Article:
Underer – The Code


New Jersey native, Nick Shellenberger, is the type of artist the Montreal Jazz festival like to host. Like Fantomas and Voivod before him, his Underer project is extreme metal for art school experimentalists, grindcore enthusiasts and avant-garde wanderers. In other words, the kind of music we love here at Scream Blast Repeat when looking for something sophisticated and neurotic.

From the opening china splashes of ‘01:19’, The Code sets out its stall as a tumultuous descent into cabin fever and paranoia, like watching English actor, Stephen Graham, at his most unhinged. (Think This is England or even his portrayal of Al Capone in Boardwalk Empire.) Drums clatter with minimalist fury and maximalist destruction, underpinning a chaotic maelstrom of deep bass incursions and post-metal guitars. Effervescent dynamics threaten to spill over into outright carnage between howling screams and spasmodic slabs of hardcore noise terror. Fans of Dillinger Escape Plan’s seminal 2007 album, Ire Works, will recognise a kinship on ‘Lady’, and Mr Bungle aficionados have plenty of reasons to be excited by ‘Steven’. The latter is a composition that keeps you guessing with an eerie percussion and mathcore guitar extremes until you abandon all hope of normality.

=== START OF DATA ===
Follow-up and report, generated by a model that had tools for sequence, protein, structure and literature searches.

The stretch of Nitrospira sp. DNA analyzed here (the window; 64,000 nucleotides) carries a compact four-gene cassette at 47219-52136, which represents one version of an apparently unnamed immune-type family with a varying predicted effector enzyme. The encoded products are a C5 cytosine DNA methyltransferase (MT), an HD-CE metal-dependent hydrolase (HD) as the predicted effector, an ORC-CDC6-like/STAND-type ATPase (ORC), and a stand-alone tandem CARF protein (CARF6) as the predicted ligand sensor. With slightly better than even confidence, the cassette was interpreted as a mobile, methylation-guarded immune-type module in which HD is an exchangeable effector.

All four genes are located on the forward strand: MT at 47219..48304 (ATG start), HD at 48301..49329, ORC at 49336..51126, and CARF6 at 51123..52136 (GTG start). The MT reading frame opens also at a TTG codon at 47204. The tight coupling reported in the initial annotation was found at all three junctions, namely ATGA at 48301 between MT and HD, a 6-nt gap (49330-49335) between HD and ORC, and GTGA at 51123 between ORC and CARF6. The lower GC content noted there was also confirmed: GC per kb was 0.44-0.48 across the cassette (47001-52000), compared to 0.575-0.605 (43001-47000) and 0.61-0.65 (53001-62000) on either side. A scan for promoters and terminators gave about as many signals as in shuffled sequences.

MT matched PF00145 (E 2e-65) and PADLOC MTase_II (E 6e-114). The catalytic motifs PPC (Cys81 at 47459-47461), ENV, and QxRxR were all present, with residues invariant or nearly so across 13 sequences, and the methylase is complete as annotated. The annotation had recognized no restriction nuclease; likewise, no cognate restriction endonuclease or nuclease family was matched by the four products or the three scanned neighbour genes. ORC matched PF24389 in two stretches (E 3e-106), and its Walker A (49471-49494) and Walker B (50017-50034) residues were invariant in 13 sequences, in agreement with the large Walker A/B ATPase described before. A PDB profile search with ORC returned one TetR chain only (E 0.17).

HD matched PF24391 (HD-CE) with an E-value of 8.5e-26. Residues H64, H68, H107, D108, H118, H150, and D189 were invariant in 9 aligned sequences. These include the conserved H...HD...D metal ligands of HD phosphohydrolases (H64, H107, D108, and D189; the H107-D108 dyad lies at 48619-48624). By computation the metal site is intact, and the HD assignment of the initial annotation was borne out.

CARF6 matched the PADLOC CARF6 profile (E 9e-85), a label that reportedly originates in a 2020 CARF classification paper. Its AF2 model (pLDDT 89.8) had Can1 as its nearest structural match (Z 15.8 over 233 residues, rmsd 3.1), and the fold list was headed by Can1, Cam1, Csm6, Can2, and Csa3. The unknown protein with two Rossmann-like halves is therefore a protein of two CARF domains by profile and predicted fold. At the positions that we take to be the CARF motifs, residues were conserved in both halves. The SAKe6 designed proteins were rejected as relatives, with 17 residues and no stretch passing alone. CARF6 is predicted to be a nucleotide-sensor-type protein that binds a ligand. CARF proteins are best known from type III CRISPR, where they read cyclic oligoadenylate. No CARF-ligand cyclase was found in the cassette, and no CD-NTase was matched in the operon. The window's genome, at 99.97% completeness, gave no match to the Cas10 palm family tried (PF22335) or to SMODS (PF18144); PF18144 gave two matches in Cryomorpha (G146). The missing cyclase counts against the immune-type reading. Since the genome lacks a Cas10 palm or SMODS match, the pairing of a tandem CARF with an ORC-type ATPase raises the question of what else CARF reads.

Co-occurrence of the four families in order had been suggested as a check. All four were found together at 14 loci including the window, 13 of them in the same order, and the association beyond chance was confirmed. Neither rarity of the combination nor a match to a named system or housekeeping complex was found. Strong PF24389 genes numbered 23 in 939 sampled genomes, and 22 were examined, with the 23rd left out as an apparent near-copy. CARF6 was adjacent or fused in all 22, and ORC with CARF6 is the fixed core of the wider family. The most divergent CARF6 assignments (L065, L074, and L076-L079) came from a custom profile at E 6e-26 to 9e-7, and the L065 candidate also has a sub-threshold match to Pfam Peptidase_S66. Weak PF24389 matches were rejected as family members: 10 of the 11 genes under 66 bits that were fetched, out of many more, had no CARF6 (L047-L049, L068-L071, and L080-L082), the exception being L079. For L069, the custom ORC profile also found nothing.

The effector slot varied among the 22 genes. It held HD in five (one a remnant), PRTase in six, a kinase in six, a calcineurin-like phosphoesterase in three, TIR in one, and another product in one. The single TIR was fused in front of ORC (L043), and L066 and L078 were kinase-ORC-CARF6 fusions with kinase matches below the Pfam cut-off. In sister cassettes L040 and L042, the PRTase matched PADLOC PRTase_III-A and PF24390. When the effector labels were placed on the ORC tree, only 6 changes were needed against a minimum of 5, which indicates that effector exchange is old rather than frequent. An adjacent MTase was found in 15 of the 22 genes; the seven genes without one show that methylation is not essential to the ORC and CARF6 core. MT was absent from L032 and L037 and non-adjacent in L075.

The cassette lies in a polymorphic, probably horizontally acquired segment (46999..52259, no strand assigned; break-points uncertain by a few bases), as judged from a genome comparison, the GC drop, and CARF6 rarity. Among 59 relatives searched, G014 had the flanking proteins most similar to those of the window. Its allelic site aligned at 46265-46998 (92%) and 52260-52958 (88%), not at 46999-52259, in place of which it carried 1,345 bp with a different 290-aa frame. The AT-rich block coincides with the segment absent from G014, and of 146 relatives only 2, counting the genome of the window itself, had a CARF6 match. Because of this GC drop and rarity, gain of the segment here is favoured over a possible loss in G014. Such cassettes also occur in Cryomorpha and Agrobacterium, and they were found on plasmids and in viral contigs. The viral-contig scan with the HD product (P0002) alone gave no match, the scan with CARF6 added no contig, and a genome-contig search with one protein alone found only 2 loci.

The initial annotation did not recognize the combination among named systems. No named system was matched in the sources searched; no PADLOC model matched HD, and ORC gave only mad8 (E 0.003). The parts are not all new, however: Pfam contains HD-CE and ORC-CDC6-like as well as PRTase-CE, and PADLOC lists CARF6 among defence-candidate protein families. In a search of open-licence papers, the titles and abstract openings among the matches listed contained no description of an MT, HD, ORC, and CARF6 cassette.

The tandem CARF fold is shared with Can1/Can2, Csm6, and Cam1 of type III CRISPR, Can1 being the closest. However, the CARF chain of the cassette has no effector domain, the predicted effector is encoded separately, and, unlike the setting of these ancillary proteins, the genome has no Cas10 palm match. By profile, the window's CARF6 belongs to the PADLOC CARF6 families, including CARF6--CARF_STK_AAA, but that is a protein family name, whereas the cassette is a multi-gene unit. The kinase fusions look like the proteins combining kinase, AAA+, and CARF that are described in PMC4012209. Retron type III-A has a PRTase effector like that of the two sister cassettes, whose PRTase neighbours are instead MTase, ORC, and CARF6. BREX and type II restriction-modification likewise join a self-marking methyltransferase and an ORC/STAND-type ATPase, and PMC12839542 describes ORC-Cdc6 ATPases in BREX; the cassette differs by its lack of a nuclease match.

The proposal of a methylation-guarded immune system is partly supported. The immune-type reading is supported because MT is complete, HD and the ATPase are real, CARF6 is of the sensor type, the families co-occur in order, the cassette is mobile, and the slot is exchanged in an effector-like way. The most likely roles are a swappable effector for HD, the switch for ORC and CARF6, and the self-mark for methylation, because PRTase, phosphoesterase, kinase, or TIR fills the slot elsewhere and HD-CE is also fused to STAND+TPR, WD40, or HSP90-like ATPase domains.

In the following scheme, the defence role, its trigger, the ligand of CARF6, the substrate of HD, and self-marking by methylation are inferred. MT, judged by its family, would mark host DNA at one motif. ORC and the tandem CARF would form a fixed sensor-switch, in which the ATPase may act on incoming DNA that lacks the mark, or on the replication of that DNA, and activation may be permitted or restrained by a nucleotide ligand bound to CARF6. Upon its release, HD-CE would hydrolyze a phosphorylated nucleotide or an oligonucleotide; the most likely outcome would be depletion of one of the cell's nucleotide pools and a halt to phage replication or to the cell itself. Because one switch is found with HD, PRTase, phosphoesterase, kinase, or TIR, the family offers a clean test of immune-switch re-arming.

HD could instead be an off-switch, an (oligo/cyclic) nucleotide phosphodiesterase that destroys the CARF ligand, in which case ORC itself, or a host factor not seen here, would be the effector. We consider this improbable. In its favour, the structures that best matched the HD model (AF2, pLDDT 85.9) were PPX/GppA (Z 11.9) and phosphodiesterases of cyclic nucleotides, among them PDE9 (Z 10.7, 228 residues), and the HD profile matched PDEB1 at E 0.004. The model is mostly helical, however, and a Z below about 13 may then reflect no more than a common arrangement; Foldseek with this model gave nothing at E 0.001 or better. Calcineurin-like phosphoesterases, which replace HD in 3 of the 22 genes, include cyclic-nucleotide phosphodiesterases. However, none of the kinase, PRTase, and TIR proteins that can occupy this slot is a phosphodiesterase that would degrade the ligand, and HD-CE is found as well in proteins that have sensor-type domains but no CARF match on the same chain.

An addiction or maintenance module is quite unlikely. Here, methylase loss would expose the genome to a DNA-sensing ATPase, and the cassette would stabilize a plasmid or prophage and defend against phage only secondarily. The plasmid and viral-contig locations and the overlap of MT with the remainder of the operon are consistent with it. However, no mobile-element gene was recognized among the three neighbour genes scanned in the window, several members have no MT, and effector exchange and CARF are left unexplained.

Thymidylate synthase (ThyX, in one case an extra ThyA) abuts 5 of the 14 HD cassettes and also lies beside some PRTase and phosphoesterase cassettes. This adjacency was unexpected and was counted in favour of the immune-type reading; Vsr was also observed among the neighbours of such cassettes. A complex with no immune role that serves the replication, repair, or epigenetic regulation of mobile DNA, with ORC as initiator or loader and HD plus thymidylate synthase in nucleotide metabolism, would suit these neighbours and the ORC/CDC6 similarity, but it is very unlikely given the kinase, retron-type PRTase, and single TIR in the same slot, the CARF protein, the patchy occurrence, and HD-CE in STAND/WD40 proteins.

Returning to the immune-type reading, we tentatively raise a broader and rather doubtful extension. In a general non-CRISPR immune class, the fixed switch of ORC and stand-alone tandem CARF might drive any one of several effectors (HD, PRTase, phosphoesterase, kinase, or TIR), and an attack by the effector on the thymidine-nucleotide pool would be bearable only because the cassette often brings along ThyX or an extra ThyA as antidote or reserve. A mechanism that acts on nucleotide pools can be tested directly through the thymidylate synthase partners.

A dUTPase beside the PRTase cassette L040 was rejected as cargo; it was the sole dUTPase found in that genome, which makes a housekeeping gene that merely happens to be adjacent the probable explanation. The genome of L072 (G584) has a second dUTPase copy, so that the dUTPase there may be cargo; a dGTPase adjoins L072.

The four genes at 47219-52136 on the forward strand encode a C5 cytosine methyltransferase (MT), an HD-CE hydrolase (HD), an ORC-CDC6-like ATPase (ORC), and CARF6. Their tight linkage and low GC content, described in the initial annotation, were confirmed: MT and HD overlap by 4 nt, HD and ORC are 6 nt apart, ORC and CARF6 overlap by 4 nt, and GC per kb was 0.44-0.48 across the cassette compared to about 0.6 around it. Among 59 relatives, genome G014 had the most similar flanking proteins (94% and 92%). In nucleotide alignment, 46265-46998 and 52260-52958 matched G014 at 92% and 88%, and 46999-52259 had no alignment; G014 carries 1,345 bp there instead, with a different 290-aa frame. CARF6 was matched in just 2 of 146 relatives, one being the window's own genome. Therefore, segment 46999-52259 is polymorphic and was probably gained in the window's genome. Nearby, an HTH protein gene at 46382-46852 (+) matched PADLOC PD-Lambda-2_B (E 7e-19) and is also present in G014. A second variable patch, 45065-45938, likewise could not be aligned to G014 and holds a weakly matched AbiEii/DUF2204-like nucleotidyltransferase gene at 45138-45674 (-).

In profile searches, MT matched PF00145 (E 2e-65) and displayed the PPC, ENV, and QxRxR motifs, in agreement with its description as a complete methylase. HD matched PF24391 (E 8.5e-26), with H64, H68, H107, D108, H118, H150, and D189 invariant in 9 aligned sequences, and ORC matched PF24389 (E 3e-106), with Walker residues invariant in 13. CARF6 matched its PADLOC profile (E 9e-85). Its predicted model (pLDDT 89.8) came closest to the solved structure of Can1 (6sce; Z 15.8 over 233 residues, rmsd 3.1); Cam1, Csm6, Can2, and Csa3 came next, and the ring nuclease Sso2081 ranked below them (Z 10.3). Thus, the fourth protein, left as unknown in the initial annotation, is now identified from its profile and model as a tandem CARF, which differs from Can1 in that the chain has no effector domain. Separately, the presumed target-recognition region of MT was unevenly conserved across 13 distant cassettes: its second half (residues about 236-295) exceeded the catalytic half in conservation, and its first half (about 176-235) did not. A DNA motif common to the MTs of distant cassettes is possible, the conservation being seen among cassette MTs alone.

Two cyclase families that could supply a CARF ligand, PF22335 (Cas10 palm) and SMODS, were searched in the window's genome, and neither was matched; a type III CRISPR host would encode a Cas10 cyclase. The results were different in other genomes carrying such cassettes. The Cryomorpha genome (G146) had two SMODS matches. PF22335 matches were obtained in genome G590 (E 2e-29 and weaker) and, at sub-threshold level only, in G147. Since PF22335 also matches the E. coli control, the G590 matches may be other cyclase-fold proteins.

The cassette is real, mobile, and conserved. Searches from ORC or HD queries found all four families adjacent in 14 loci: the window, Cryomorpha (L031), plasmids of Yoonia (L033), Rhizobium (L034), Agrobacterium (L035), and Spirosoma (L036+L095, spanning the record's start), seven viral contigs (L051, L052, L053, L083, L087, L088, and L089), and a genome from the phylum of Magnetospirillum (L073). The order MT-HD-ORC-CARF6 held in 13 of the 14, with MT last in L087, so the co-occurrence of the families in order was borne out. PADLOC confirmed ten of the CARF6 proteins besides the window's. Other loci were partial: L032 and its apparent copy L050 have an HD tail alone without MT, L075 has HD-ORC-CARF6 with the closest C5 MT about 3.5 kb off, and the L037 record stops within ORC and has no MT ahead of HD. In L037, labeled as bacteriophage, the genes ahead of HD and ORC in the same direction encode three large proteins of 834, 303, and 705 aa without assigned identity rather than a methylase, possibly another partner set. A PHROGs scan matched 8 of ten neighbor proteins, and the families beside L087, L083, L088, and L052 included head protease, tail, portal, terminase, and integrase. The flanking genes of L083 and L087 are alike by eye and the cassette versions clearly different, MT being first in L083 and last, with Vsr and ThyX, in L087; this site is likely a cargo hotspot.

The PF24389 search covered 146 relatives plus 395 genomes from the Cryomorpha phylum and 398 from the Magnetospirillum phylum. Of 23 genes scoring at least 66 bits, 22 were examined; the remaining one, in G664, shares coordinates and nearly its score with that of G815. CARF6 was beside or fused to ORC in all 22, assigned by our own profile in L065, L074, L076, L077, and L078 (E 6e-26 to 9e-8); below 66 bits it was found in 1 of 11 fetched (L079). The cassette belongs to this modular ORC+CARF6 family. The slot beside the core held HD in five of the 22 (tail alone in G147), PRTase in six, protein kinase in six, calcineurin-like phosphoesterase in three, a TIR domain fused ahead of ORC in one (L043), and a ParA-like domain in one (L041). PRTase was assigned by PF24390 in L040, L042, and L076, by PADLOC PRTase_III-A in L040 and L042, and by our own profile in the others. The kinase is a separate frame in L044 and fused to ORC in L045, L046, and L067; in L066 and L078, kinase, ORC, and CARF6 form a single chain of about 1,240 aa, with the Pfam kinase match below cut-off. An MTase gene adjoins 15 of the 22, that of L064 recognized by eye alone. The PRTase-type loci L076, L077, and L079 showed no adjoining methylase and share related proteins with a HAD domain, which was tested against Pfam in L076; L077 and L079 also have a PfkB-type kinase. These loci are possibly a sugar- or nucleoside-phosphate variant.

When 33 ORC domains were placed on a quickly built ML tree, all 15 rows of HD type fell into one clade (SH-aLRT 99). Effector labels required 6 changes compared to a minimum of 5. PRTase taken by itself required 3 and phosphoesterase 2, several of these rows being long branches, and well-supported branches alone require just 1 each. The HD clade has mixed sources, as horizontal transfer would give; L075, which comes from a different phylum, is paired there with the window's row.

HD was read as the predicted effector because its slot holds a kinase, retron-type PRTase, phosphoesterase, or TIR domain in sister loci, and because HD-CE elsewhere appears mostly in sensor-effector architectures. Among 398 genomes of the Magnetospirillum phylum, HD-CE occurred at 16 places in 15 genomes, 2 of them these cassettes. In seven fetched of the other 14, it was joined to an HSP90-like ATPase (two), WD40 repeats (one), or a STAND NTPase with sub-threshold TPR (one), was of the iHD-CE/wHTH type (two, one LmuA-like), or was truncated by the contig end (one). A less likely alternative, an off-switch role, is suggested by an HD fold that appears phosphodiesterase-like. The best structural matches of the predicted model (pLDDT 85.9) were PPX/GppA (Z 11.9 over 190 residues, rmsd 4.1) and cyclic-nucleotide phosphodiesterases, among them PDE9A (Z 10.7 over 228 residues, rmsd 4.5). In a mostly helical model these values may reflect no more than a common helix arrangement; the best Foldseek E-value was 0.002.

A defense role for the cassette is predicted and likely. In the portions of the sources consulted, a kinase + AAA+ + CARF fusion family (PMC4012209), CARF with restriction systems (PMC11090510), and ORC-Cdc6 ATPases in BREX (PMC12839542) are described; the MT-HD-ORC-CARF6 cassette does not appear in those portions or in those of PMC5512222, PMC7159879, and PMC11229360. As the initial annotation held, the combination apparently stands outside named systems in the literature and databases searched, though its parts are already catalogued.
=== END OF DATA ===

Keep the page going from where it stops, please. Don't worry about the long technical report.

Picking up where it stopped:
At 25-minutes and seven tracks in length, The Code is best treated as one composition switching between different moods but always anchored in the realm of demented rage. Imagine the Michael Douglas character in Falling Down as the soul of the music and Shellenberger as the master creator who retreats into the background like the anti-hero in a Joseph Conrad novel. Whether it’s the deliberate attempt to play out of key (Nirvana’s ‘Milk it’ is a good reference point) or the Neurosis head-crusher moments that punctuate this record, you’ll never feel at ease, nor should you want to be. Some songs are less than a minute, others seven minutes in length. The titles are irrelevant. Simply press play and prepare for a bludgeoning.

The heavy use of crash cymbals and chaotic interplay between guitars and snares on last track, ‘Miniature Jimmon’, is a fitting way to end an intellectual exercise in white collar brutality. The Code is how you unleash your inner demons and maintain the façade of contentment. Use this as your cathartic release next time the stupidities of bureaucratic life overwhelm you. It might save the figure of authority on the street from the ire of your swinging briefcase.

JVB


Verdict


Release Date: 19/06/2020

Record Label: Nefarious Industries

Standout tracks: Lady, Steven, Miniature Jimmon

Suggested Further Listening: Dillinger Escape Plan – Ire Works (2007), Fantomas – Fantomas (1999), Genghis Tron – Board Up The House (2008)